Self-Care Deficit Theory

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Dorothea Orem: Self-Care Deficit Theory of Nursing
In this paper, several topics will be discussed in relation to Dorothea E. Orem and her Self-care deficit theory. We will cover Orem’s credential and background, the type of theory and focus, theoretical sources, major concepts and definitions, major assumptions, and utilization of Orem’s theory. Orem’s theory of self-care deficit is a large influence in nursing, even to this day. It is important to understand the theory to be able to apply it to ever day nursing practice.
Credentials and Background
Dorothea Elizabeth Orem was born in 1914 in Baltimore, Maryland. Orem graduated from Seton High School in Baltimore in 1931 and from the Providence Hospital School of Nursing in Washington, …show more content…

After earning her advanced degrees, Orem also practiced in diverse roles such as a consultant, director, professor, theorist, and author (Masters, 2015). However, Dorothea Orem came to fame with the self-care deficit theory of nursing.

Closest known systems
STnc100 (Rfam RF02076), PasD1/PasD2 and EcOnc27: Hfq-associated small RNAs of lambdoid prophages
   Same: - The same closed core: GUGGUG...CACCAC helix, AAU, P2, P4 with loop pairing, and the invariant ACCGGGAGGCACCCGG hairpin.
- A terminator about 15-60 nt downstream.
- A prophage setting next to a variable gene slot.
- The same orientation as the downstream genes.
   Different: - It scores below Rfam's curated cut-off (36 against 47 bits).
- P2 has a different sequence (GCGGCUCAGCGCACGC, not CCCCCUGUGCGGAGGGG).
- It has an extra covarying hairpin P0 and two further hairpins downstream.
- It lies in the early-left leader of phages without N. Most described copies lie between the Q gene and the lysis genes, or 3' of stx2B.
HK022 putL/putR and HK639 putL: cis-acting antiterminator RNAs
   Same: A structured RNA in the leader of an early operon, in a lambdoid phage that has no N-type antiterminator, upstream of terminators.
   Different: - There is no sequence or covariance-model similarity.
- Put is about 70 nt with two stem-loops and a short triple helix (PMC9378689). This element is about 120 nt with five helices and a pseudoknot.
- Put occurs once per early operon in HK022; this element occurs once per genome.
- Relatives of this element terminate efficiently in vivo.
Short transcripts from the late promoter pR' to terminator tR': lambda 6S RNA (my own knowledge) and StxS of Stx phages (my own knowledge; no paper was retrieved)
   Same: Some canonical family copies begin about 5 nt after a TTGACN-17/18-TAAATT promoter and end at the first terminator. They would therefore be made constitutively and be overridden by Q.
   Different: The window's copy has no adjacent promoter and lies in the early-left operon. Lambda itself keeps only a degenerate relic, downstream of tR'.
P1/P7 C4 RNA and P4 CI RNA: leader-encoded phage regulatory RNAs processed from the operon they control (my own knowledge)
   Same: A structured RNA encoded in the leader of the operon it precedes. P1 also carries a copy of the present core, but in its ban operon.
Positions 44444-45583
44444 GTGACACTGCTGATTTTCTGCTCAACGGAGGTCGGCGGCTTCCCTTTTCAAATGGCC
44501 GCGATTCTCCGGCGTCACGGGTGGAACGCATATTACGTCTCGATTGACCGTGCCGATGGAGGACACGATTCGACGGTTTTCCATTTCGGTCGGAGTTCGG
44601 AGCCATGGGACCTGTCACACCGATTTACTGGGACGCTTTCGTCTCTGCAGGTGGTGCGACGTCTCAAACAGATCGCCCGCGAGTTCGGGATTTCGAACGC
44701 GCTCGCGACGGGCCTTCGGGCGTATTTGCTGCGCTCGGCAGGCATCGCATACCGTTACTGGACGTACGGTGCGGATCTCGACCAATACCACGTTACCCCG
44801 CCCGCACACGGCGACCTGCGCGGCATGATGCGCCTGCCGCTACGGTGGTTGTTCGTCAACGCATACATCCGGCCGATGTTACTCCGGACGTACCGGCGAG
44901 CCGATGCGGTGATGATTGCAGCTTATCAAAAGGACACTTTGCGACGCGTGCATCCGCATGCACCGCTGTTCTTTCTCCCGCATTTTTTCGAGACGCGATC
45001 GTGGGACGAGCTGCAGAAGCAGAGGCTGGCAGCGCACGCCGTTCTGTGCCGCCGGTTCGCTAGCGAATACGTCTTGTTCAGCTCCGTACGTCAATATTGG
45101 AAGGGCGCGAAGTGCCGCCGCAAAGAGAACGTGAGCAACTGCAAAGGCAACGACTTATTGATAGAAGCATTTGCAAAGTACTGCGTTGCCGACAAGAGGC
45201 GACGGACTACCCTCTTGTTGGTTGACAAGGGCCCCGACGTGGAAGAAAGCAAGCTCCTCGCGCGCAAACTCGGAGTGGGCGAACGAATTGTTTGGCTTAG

Orem’s Self -Care Deficit Theory of nursing was formulated in 1956 and 1959, introducing a basic idea of the self-care- framework. Orem refined her work in 1985 and presented the three theories related to the self-care framework. In 1986, Orem retired in Savannah, Georgia and died 2007 (Masters, 2015). Nevertheless, Orem’s work is influential in the nursing profession, and the Self-care Deficit theory is one of the most commonly used nursing theories in the practice …show more content…

The explicit assumptions in relation to Orem’s theory focus on the profession of nursing being “a deliberate, purposeful helping service performed by nurses”, how self-care is a learned and necessary part of life that can be influenced by education and culture, and how each person exhibits their own qualities throughout life (Masters, 2015, p. 159). The implicit assumptions focus on how “people should be self-reliant and responsible for their own care needs as well as others in the family who are not able to care for themselves” (Masters, 2015, p.159). The implicit assumptions allude to the fact that every human being is different from those around them, and cultures and environments are different as well, providing shape and influence throughout an individual’s

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